Exec Speaks on Evolution of Music Industry in Digital Age

Exec Speaks on Evolution of Music Industry in Digital Age

Music industry executive Larry Mattera P’23 offered insights on how technology has transformed – and continues to change – the dynamics of the music business, in Dean Zhan Li’s most recent Dolan Dean's Executive Forum.

Larry Mattera, P'23 shared his career trajectory in a conversation with Dean Li and co-moderator Nazuk Sharma, PhD, assistant professor of marketing, at the second Dean’s Executive Forum, “The Dynamics of Music Industries: Business Models and Innovation,” held virtually earlier this week.

As the former general manager and executive vice president of Warner Brothers Records, Mattera has been responsible for commercial activities and marketing across all platforms related to music promotion. At the dawn of his career 30 years ago, he became an early adopter of technology, gravitating toward the intersection of digital technologies and the marketing potential they had for promoting music. He taught himself how to use these new technologies, and helped build the first websites for artists back in the 1990s.

“I always loved music, and played in a band for years starting in high school,” he recalled. The band had some success, but when it became clear that he wouldn’t be making his career as a performer, he realized he could still find satisfaction in his career choice as long as it had music at its center. “I had a background in accounting, but I wasn’t passionate about it. By luck, I found that New York University offered a master’s degree in business with a focus on the music industry.”

Inspired by a professor who emphasized the role technology would have in upending the music industry’s business models, Mattera said he realized “no one knew how this was going to evolve. I thought that if I could become an expert in this field and stay on top of the different technologies, I could be a little ahead of the game. I began to test some marketing ideas other than the traditional radio promos and other standards.”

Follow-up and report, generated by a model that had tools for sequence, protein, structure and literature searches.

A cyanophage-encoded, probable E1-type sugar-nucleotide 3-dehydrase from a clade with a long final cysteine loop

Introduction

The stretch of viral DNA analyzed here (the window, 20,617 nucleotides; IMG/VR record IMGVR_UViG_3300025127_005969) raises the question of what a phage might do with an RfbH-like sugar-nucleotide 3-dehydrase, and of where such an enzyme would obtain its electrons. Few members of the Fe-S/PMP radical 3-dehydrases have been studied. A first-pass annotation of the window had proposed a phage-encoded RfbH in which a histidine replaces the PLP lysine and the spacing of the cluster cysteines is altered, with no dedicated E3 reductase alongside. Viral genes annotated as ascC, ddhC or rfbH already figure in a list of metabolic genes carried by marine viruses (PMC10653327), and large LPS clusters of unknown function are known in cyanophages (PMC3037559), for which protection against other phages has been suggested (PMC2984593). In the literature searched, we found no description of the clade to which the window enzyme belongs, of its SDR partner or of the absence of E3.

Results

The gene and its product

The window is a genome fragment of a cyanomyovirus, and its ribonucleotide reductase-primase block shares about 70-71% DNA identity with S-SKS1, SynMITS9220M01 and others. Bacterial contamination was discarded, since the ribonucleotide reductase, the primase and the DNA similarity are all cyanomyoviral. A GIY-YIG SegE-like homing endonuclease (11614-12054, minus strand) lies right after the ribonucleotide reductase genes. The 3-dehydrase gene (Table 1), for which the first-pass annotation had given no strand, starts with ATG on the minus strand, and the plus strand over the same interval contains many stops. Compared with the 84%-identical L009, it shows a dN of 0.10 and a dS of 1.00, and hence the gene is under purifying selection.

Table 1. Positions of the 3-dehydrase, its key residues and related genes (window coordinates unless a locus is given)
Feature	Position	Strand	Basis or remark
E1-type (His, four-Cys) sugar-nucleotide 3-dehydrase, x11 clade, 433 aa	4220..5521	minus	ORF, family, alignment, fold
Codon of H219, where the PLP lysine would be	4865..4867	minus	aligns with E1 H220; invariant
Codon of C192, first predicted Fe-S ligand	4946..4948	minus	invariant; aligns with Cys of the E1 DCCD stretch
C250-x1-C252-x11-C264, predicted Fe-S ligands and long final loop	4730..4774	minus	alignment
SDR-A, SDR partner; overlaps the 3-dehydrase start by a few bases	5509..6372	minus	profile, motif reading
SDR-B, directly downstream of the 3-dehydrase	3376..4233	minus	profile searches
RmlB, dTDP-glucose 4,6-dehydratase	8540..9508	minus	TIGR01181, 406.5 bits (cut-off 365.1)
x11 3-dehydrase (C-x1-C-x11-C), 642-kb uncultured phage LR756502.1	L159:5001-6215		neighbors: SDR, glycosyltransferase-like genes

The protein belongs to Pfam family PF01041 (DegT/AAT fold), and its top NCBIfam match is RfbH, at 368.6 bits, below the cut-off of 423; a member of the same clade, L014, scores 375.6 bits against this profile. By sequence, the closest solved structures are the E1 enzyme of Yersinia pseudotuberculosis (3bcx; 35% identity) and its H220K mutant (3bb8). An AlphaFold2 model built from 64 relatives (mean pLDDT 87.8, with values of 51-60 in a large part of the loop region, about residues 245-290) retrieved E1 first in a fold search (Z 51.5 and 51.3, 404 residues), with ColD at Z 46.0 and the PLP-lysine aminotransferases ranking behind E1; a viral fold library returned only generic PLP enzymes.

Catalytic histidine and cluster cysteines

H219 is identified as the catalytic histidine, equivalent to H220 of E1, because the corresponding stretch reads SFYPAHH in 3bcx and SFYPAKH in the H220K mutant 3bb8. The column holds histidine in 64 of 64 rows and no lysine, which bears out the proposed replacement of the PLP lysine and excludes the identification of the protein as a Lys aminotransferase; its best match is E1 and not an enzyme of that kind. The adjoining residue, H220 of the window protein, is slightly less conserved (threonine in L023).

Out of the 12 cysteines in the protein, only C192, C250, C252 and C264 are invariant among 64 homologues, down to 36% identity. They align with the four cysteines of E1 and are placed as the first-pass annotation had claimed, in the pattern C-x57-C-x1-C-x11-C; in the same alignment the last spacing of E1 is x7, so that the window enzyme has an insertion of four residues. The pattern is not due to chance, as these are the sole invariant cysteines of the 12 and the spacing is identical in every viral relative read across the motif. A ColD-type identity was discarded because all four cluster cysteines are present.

The music industry has always been driven by technology, Mattera noted. “Think of the development of the phonograph, then eight-track tapes, CDs to digital downloads, and now to streaming. Consumer patterns have changed and forced business to figure out how to survive and thrive.

“In the last five years, the change to streaming services has been the most impactful,” he continued. “The consumer used to buy the specific music he or she wanted. Now, you pay monthly for a wide range of music. We’ve changed from a sales oriented model to a market share model, and it’s forced us to think differently about driving business.” The advent of the smartphone has been another game changer, giving users a portable device with a library of music they can access anytime, anywhere – propelling new growth.

Another evolutionary change is the artists’ ability to speak directly to their fans through social media, eliminating the need for “gatekeepers” such as MTV or radio. Artists can now gather their fans’ information, requiring new direct-to-consumer models of marketing.

Mattera said he’s excited about the new career opportunities opening up for graduates. Data analytics is obvious, but there is still a need for producers and engineers. On the creative side, companies always need compelling content for use online. For those interested in the music industry, “the important thing is to get in the door,” said Mattera. “That’s where you’ll make connections, and it’s those connections that will help you when you’ve identified the area you want to focus on.”

The final webinar in the Dean’s Executive Forum series, “Defining Talent for Tomorrow: A Leading Perspective,” will be held on November 10.  For registration information, contact dolancommunication@fairfield.edu.

Tags:  Dolan School,  Top Stories

Last modified: 10-23-20 9:40 AM

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